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Posts Tagged ‘untrained’

       Here is a story i could sink my teeth into since i am the parent of several special needs children.  A young boy, by the name of Adam Race, has been banned from the church that he has attended since 1996.  He has been banned because he is autistic, and is very large.   He has several behavioral challenges that the church is suggesting endangers other attendees.

        Adam’s priest by the name of Daniel Walz has filed a restraining order against the 13 year old’s parents; which the mother has violated.  Understand that Adam is only 13; however, he is six feet tall and weighs somewhere around 225 pounds.  The sheer size of the young man is definately something to consider. 

       The priest alledges that Adam has struck another child during services and that in his zeal to leave the building, has at times almost knocked over elderly parishioners.  Adam has also run out of the building and, started a couple of vehicles to hear the “calming roar of the engines”.  This is another danger concern.   Adam sometimes has a problem holding his urine; and, if he needs to be restrained during difficult behaviors, he fights it.  The mother and father, do at times, have to restrain him.  This can all be quite disruptive; and that, plus the concerns for safety, has led the priest to file the restraining order.  The priest felt they had no other choice.

        It seems that before that filing, the priest and a church trustee attempted to discuss their concerns with Adam’s parents.  They offered the family other options and accomodations to deal with the behavioral issues.  The family refused.  It hasn’t been revealed what those other accomodations were.  The family has defied the restraining order and continued to attend church with their son.  By the way, this is a family of seven.

       I have special needs children as i said before.  I have also been a foster parent to many special needs children who were behaviorally challenged.  I know the stress of that.  I know the need of sitting in church to receive peace and a strengthening of my faith.  I also, am well aware that most of the time…it is much more stressful trying to achieve that goal of peace and strength in a very public setting with others who have no idea of the daily struggles living and providing for special needs young people requires.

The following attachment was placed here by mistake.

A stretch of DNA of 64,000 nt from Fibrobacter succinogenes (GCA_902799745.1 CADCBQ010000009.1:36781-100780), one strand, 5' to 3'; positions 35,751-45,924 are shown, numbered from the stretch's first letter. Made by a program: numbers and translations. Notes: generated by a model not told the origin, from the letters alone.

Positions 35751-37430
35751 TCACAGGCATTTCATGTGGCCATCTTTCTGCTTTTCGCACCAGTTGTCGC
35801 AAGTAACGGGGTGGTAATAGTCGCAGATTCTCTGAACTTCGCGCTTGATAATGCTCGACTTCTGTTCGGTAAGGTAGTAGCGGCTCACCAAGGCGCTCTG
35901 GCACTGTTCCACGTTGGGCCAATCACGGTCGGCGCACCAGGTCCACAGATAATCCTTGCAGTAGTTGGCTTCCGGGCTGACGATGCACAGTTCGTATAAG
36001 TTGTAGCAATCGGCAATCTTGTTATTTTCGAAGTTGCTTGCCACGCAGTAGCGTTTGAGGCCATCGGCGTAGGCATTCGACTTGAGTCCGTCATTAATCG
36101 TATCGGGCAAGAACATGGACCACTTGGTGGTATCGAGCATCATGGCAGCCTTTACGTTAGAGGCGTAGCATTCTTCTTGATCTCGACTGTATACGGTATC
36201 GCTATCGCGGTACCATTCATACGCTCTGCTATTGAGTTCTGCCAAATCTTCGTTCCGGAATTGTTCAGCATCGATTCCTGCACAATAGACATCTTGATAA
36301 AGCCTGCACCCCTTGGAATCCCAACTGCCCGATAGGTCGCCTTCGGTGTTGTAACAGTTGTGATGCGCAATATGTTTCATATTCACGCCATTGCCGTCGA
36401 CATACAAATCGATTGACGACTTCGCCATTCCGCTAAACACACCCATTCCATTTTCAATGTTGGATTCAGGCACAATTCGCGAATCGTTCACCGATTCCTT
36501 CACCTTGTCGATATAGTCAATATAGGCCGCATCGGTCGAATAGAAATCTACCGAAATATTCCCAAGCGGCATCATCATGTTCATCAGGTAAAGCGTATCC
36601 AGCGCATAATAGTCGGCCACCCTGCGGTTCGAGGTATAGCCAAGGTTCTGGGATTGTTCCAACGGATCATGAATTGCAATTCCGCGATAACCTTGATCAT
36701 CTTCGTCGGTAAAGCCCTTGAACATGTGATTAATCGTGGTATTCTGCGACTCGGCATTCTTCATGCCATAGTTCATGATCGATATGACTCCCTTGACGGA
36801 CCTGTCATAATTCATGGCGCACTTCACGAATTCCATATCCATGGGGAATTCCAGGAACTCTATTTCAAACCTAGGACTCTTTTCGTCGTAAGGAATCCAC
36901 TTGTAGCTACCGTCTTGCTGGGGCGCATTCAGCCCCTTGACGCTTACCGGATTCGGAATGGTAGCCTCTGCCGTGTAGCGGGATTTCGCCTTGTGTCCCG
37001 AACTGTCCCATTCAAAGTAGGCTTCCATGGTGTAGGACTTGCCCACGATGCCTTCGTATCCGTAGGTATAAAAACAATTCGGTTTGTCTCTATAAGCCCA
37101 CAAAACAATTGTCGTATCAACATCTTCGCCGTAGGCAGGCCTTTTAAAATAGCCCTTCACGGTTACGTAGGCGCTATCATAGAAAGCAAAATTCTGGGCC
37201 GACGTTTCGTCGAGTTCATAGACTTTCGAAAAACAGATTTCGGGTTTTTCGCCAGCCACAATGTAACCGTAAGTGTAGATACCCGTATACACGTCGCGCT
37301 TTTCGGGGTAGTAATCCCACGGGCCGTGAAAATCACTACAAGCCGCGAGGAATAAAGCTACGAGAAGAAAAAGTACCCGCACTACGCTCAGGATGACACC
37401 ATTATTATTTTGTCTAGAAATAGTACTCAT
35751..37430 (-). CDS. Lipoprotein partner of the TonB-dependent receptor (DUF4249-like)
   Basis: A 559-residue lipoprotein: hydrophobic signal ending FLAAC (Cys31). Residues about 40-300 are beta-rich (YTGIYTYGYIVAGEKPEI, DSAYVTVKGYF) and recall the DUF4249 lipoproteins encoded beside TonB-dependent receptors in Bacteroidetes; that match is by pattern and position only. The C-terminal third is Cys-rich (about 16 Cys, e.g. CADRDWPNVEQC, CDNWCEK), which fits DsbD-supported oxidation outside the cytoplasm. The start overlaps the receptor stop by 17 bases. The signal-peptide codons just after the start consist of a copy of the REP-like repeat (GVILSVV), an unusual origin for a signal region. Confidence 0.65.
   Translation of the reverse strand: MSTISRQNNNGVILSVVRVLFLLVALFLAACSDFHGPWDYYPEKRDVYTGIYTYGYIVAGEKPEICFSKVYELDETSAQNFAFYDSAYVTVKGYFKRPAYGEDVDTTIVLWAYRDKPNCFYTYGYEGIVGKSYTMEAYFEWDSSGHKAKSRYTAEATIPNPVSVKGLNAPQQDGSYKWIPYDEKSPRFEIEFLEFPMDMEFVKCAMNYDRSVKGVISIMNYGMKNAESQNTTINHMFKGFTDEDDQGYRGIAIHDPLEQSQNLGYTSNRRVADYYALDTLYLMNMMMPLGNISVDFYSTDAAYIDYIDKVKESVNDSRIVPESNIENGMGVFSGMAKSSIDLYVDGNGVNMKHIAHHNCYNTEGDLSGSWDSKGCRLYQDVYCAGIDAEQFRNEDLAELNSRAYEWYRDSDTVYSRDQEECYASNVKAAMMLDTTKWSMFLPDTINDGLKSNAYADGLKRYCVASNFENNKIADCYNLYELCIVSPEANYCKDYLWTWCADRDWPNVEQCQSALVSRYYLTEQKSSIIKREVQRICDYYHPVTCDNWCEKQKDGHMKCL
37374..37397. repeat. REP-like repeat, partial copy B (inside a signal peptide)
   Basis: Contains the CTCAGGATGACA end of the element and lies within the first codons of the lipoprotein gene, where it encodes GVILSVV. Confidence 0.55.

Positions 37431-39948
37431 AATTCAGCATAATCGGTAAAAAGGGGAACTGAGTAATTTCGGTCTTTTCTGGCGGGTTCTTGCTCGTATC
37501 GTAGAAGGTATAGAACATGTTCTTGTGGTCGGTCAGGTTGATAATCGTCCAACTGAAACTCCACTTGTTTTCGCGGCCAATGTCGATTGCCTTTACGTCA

You see, you need special training to deal with some of the behaviors and special requirements.  So you can’t just happily send a special needs child off to a sunday school classroom with people who are unprepared or untrained in those skills. 

        My husband and I have been teachers in several church settings.  We know what it is like to be the teachers or instructors in charge .  We have had to teach and sometimes handle special needs children or teens in that environment as well. 

          One time, we did have a young man who was also very large for his age and autistic.  It was a child that did not attend regularily, this program was a vaction bible school event.  The platform was a raised one.  All of the children were encouraged to stand in front of the platform during praise and worship.  Then, when that was done, they were encouraged to sit down in the rows of pews.  The young man in question, at one point, ran to the front while the puppets were performing.  My brother- in- law, who was a weight lifter, was operating a large puppet that included having his arm encased in a fur lined sleeve.

       The young man ran up on stage and grabbed my brother-in-laws arm and pulled it down over the front of the puppet stage and almost broke my brother-in-laws arm.  It took several people to disengage him.  It was something we were un-prepared for.  The parents had dropped him off during the services and left.  This was unusual…because the other days of that week, they had stayed with him and helped to keep him under control when he would get overly excited.  Communication is key in these situations.  Educate the workers or volunteers to the special skill sets that they will need to work with special needs youths successfully!

        Most of the time, having special needs children in church is workable.  You discuss with the family members or care givers what works for each child as an individual.   Maybe you can even get the parents to help volunteer in the children’s program to help out. You do your best so that the caregiver can get a couple of hours of peace and “down time” from the strains of 24/7 caregiving, if possible.   Raising awareness about those who live with special needs children and providing support is the goal of this website:  http://www.growingupspecial.com/  (more…)

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